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Three Turkish engineers, NATO soldier die in Afghanistan attacks

Three Turkish civil engineers, at least two Afghan police officers and one foreign soldier were killed Monday in separate attacks in Afghanistan as Taliban insurgents issued a warning against participation in the second round of presidential voting, slated for June 14.

The engineers were traveling in a car when a suicide bomber rammed into it with a motorcycle rigged with explosives in eastern Nangahar province, near the border with Pakistan, the Interior Ministry said. It said one other Turkish engineer and an Afghan were injured.

The Turks worked for a construction firm and were building a base for the Afghan police.

A spokesman for the Taliban, Zabiullah Mujahid, said he could not immediately assert or deny responsibility for the attack, which coincided with renewed violence since the radical Islamist movement announced the launch of its spring offensive last month.

The foreign soldier, a member of the U.S.-led international coalition, which includes NATO forces, was killed in an insurgent attack in eastern Afghanistan, the coalition said. It did not identify the service member or provide details of the attack or its exact location.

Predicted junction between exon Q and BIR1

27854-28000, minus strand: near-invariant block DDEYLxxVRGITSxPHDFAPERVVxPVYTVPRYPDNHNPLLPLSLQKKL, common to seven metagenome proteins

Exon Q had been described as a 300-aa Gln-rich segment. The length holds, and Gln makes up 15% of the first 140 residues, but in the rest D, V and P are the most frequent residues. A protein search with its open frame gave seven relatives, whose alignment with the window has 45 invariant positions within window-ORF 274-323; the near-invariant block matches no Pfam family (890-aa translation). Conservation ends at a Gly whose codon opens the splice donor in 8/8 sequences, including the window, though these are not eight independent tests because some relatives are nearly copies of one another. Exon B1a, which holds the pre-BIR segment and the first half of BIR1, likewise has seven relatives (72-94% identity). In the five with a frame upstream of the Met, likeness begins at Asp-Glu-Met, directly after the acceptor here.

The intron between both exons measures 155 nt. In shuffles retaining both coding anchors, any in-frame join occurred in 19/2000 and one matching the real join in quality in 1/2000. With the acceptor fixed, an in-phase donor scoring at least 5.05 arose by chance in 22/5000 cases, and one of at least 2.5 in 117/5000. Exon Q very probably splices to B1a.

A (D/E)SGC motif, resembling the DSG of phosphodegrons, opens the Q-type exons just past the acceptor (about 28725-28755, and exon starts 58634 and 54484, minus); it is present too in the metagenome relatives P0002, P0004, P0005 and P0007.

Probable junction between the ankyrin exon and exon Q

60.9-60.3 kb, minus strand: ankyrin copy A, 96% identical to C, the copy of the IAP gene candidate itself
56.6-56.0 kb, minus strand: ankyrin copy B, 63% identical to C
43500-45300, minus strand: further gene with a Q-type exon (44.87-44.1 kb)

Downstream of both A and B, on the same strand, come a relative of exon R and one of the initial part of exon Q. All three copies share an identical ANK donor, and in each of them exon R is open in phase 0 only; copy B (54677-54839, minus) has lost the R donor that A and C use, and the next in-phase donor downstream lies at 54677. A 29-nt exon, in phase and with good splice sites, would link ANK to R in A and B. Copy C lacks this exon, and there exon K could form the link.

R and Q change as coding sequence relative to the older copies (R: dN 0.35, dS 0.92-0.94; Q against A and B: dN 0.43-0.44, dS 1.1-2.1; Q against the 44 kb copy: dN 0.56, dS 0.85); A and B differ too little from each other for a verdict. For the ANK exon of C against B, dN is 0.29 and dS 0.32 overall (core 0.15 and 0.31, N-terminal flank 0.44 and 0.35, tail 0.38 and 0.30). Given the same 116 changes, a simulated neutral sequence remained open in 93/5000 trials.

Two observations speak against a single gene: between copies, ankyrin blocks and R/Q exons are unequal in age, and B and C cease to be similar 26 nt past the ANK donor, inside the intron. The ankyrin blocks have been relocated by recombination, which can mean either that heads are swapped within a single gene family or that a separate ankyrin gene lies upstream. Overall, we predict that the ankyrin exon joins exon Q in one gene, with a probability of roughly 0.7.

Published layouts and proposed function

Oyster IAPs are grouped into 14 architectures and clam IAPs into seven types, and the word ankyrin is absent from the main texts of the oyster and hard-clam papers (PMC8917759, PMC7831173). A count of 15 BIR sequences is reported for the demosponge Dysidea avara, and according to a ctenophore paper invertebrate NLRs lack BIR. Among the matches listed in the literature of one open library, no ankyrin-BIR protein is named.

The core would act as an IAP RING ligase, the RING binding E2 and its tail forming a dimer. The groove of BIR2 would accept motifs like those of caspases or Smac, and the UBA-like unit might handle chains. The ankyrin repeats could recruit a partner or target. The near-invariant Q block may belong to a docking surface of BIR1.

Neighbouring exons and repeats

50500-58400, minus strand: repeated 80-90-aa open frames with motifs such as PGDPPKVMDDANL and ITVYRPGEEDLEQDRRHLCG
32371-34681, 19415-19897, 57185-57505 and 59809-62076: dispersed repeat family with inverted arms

The two Afghan police officers died during a clash with insurgents who stormed a district headquarters in southern Helmand province, officials said.

Another Taliban spokesman, Qari Yousef Ahmadi, said the assailants included suicide bombers. He asserted that “dozens” of police officers were killed during the fighting, which he said lasted several hours.

The attacks came less than two weeks before a runoff election to choose a successor to President Hamid Karzai, who was barred from running for reelection because of term limits. The Taliban staged scores of relatively small-scale attacks during the first round of voting on April 5, but voters in many parts of the country were not deterred from participating in what has been described as the first peaceful transfer of power in Afghan history.

Ahmadi, the Taliban spokesman, vowed Monday that the insurgents would sabotage the runoff and warned people against voting in it.

“We would urge people to refrain from taking part in this sham election,” he said. “We will target polling centers and election offices with whatever means we have.”

The runoff pits former foreign minister Abdullah Abdullah, who won a plurality of the vote in April, against Ashraf Ghani, a former finance minister who finished second.

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